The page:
Diagnostic interventional techniques have good sensitivity and specificity, but there is a risk of trauma in the process of repeated sampling, so the times and scope of punctures should be reduced to ensure sufficient specimens. ROSE technology is widely used in the clinical setting (9,13,14). When combined with biopsy technology, it not only reduces the number of punctures (15,16), but also increases the positive rate of diagnosis, avoid traumas, and reduces risk of complications. After obtaining the sample and after smearing, ROSE is immediately carried out to determine whether the amount of specimens is sufficient and qualified, and a primary diagnosis can be obtained immediately (7). Once a sufficient amount of qualified specimens is obtained, the operation can be terminated immediately, saving time and reducing patient trauma. However, if a sufficient amount of qualified specimens is not obtained, the location and method of sampling can be adjusted to obtain an ideal specimen. Through ROSE test takes longer to obtain samples, it is worthwhile for patients since the eligibility of the puncture specimen by ROSE test can increase the positive rate of pathological results, thereby reducing the risk of secondary puncture. In the present study, the samples of 24 patients were obtained through bronchoscopy. After sampling, the ROSE interpreter immediately prepared, stained, and observed the sections under a microscope. When malignant cells were seen under the microscope and the sample was sufficient, the operation was stopped. While obtaining specimens, we reduced the times of punctures as much as possible. Ten patients underwent CT-guided lung biopsy, as ROSE was performed during the puncture process to increase the positive rate of specimens (17-21). The operation was stopped after the detection of malignant cells. All postoperative pathology results were positive, and the ROSE diagnosis coincided with the pathology report (97.37%). The other 4 patients with a large amount of pleural effusion underwent pleural biopsy and closed pleural drainage. Of these patients, malignancies were detected in the pleural tissue print of 3 patients, and 1 patient tested negative .We can increase the number of smears on the same specimen, and secondly improve the technical capabilities of respiratory specialists on-site ROSE, including smearing, staining, and interpretation through specialist training, exchange for further education and learning to further increase the positive rate and coincidence rate of ROSE. Further experiments are required to verify the role of ROSE in pleural tissue.

While obtaining biopsy tissue, ROSE is often performed routinely to quickly obtain a preliminary diagnosis. Compared with histopathological examination, ROSE is faster and more convenient. ROSE is important for the diagnosis of primary bronchial lung cancer, and some cases can be clearly classified by ROSE technology. In addition, it has been reported that the molecular biologic and genetic technology of cells can be obtained through detecting the ROSE print, such as polymerase chain reaction, fluorescence in situ hybridization (FISH), immunocytochemistry, and second-generation gene sequencing (22,23). Lung cancer has a high incidence and high mortality in China, and most cases are already at advanced stage when diagnosed (24). The main treatment opinions for lung cancer include surgery, chemotherapy, targeted therapy, and immunotherapy. Treatment methods are mainly based on pathological diagnosis and genetic test results. The demand for targeted therapy and immunotherapy is increasing, but these therapies depend on genetic testing, and there must be an accurate diagnosis to receive specific therapies. In the early stage of the disease, when the lesion is small, tumor cells can be reflected in ROSE report, and when the pathological specimen report is negative, the ROSE print can be used for staining to confirm the diagnosis and to guide treatment (25,26). In the present study, the average ROSE time was about 13.84 min, and the average pathology report time was 6,222.05 min (about 4.3 days), which significantly longer than the ROSE time. In the absence of ROSE, the possibility of negative results and repeated examinations increases, further extending the diagnosis time, increasing hospitalization costs, and causing extra trauma for the patient.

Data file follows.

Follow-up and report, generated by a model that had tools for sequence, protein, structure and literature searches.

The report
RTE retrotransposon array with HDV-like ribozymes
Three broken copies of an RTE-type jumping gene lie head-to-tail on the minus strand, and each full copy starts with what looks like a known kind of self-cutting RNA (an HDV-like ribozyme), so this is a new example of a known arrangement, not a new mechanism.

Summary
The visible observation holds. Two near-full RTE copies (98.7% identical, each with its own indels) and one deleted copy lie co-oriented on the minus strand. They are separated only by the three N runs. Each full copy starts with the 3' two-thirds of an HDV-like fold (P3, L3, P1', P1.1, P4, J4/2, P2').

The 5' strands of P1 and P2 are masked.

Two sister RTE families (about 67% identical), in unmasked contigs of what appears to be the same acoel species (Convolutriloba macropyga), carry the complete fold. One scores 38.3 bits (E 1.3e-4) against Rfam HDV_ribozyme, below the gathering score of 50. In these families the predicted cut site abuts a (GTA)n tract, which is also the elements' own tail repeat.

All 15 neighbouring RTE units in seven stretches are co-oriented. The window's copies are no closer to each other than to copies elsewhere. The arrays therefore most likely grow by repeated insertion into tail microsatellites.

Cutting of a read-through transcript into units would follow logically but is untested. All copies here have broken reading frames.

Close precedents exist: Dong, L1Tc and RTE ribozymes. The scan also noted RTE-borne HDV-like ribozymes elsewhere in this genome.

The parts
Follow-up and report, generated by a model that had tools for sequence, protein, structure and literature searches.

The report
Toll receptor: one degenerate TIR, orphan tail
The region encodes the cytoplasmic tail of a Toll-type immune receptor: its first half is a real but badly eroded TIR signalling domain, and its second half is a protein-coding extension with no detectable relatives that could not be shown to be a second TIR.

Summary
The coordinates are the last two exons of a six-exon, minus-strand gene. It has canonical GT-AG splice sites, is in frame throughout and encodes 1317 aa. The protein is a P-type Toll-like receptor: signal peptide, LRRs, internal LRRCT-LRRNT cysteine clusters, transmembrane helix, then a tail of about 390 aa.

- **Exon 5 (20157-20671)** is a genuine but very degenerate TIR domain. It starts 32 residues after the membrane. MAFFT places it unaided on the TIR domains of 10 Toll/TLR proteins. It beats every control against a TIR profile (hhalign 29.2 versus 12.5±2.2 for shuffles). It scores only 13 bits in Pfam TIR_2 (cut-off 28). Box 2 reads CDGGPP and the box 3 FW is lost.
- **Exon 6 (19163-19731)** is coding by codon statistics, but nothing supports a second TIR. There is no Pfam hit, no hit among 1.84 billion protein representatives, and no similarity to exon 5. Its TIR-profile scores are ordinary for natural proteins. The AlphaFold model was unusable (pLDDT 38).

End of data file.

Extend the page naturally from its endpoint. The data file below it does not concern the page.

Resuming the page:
During the diagnosis of lung cancer, the application of ROSE technology can make up for the deficiency of puncture or biopsy and pathological reports, as ROSE immediately provides a primary diagnosis with higher accuracy, and only takes about 13.84 min.


Acknowledgments

Funding: The present study was supported by the Xiamen Science and Technology Project (grant no. 3502Z20194089) and the Science and Technology Guiding Project of Fujian Provincial (grant no. 2020D024).


Footnote

Reporting Checklist: The authors have completed the MDAR reporting checklist. Available at http://dx.doi.org/10.21037/tcr-20-3294

Data Sharing Statement: Available at http://dx.doi.org/10.21037/tcr-20-3294

Conflicts of Interest: All authors have completed the ICMJE uniform disclosure form (available at http://dx.doi.org/10.21037/tcr-20-3294). The authors have no conflicts of interest to declare.

Ethical Statement: The authors are accountable for all aspects of the work in ensuring that questions related to the accuracy or integrity of any part of the work are appropriately investigated and resolved. The study was conducted in accordance with the Declaration of Helsinki (as revised in 2013). The study was approved by ethics board of the Fifth Hospital of Xiamen (NO.:2020-XMSDWYY-002) and informed consent was taken from all individual participants.

Open Access Statement: This is an Open Access article distributed in accordance with the Creative Commons Attribution-NonCommercial-NoDerivs 4.0 International License (CC BY-NC-ND 4.0), which permits the non-commercial replication and distribution of the article with the strict proviso that no changes or edits are made and the original work is properly cited (including links to both the formal publication through the relevant DOI and the license). See: https://creativecommons.org/licenses/by-nc-nd/4.0/.


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(English Language Editor: R. Scott)

Cite this article as: Huang Z, Zhuang D, Feng A, Ye L, Hong L. Real-time and accuracy of rapid on-site cytological evaluation of lung cancer. Transl Cancer Res 2021;10(1):479-486. doi: 10.21037/tcr-20-3294